Friday, July 05, 2013

Rajiv Gandhi’s Discovery of Spain - 25 Years After

This article appeared in the monthly magazine, Identity, July 2013

In his speech, made at the Banquet hosted in his honour - on Friday, July 15, 1988 in Madrid - by his Spanish counterpart Felipe Gonzales, Prime Minister, Shri Rajiv Gandhi began by saying:

“My wife and I are delighted to be in Spain. It is the fulfillment of a long cherished desire.
We are honoured that when he set sail in the Santa Maria, Christopher Columbus was looking for us. Unfortunately, he was stopped by a large continent that just happened to lie in the way. OTHERWISE, I MIGHT HAVE BEEN ABLE TO SPEAK TO YOU IN SPANISH…”

There was indeed a spontaneous applause and loud laughter among all the guests enjoying the long awaited India-Spain Summit Party in the beautiful garden in the Moncloa Palace -  perhaps, imagining and wondering over the mightiest ‘If’ of History - or should one say, of Geography!

I was, however, struck to think differently - introspecting, “why an overwhelmingly elected head of the government of the Republic of India has ‘impulsively’ said so; why it had to be either English or Spanish - or even Portuguese or French for that matter! Was it the inevitable destiny of India to be colonized by one of the emerging European country and the Indian mind to get entrapped forever under the spell of an alien tongue?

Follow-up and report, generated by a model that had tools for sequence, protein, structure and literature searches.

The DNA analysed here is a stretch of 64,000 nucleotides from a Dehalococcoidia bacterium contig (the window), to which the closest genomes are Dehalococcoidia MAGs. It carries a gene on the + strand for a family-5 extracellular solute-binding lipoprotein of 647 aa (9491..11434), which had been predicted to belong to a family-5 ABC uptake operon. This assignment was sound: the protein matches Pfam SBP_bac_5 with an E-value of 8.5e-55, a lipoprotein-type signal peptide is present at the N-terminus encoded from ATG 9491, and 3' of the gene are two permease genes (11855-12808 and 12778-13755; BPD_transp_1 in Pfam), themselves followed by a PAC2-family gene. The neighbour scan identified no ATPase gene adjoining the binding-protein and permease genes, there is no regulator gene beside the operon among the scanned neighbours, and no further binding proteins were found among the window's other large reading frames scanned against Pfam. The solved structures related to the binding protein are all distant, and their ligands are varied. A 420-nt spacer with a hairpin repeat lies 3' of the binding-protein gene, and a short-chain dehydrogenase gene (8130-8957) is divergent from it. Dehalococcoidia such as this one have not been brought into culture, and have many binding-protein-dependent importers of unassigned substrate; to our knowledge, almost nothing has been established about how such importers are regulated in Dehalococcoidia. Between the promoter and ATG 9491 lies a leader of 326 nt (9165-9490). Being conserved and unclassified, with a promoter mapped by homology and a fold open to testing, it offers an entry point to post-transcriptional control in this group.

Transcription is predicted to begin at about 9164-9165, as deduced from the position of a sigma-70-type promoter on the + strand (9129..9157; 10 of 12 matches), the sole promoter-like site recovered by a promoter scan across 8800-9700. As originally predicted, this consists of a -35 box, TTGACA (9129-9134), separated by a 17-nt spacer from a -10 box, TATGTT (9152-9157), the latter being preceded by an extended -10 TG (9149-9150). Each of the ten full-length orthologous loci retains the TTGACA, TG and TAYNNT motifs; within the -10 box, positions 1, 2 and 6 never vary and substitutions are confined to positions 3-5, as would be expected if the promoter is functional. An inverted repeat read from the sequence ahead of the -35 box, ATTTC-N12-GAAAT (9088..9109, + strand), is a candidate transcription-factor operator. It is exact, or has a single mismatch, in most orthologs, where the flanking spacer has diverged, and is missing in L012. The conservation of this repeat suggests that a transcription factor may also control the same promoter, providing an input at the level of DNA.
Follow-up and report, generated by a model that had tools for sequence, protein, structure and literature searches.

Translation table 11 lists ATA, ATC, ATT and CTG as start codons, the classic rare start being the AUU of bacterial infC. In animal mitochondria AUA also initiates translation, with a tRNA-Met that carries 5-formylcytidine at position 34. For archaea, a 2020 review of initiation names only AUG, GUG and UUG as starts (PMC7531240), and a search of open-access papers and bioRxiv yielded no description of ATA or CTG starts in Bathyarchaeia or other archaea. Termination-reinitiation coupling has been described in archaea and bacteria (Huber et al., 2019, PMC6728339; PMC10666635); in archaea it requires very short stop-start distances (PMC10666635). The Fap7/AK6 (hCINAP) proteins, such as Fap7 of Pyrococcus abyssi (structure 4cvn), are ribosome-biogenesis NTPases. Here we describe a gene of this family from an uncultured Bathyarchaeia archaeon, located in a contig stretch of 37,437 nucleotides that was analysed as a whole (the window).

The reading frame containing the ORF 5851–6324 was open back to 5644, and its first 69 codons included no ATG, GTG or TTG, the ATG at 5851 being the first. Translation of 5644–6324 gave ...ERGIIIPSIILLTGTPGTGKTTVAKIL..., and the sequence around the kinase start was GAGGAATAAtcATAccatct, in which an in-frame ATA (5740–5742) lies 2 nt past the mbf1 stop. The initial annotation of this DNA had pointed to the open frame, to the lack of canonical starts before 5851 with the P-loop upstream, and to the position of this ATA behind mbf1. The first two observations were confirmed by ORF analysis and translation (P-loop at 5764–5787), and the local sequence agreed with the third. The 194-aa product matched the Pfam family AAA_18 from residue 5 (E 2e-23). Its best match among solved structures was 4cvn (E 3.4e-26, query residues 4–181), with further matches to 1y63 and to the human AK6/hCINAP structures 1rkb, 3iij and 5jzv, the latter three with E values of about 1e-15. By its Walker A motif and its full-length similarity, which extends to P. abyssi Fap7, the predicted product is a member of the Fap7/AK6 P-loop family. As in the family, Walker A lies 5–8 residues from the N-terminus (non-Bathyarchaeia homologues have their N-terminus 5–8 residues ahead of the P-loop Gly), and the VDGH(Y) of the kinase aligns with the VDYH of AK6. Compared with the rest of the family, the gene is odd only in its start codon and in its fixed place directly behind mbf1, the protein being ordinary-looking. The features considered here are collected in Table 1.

It is interesting to recall the background-and environment - of the visit. Ambassador Krishana D. Sharma, our man in Spain since July 1985 - on his ‘swan song’ posting in a long career, coming there after his assignment in PAKISTAN - had been making every conceivable move in the text book of the profession for an early ‘maiden’ visit by the PM to the rapidly resurging - the post Franco - democratic Spain led by the youthful socialist Felipe Gonzales. A date for the visit had indeed been officially conveyed in 1987 by the Indian side to the eager Spanish hosts and it had even been mutually agreed. However, it had to be embarrassingly regretted a few days later because everyone in the PM’s office simply failed to check the calendar - the PM of India could not afford to be out of the country on the day of Deepawali! The lame diplomatic explanation given to the Spanish side was that the PM would be personally preoccupied in the massive relief effort in the face of an unprecedented drought in the country! More interestingly, by intriguingly strange coincidences, a couple of Ministers / senior officials had lost their positions soon after their visits to Spain - Minsters Abdul Gafoor, ND Tiwari, Jagdish Tytler and the powerful Vice Chairman of the DDA Prem Kumar are the few names that I can recollect. There was, therefore, even a murmur among us embassy officials whether we should persist in risking at all a visit by PM!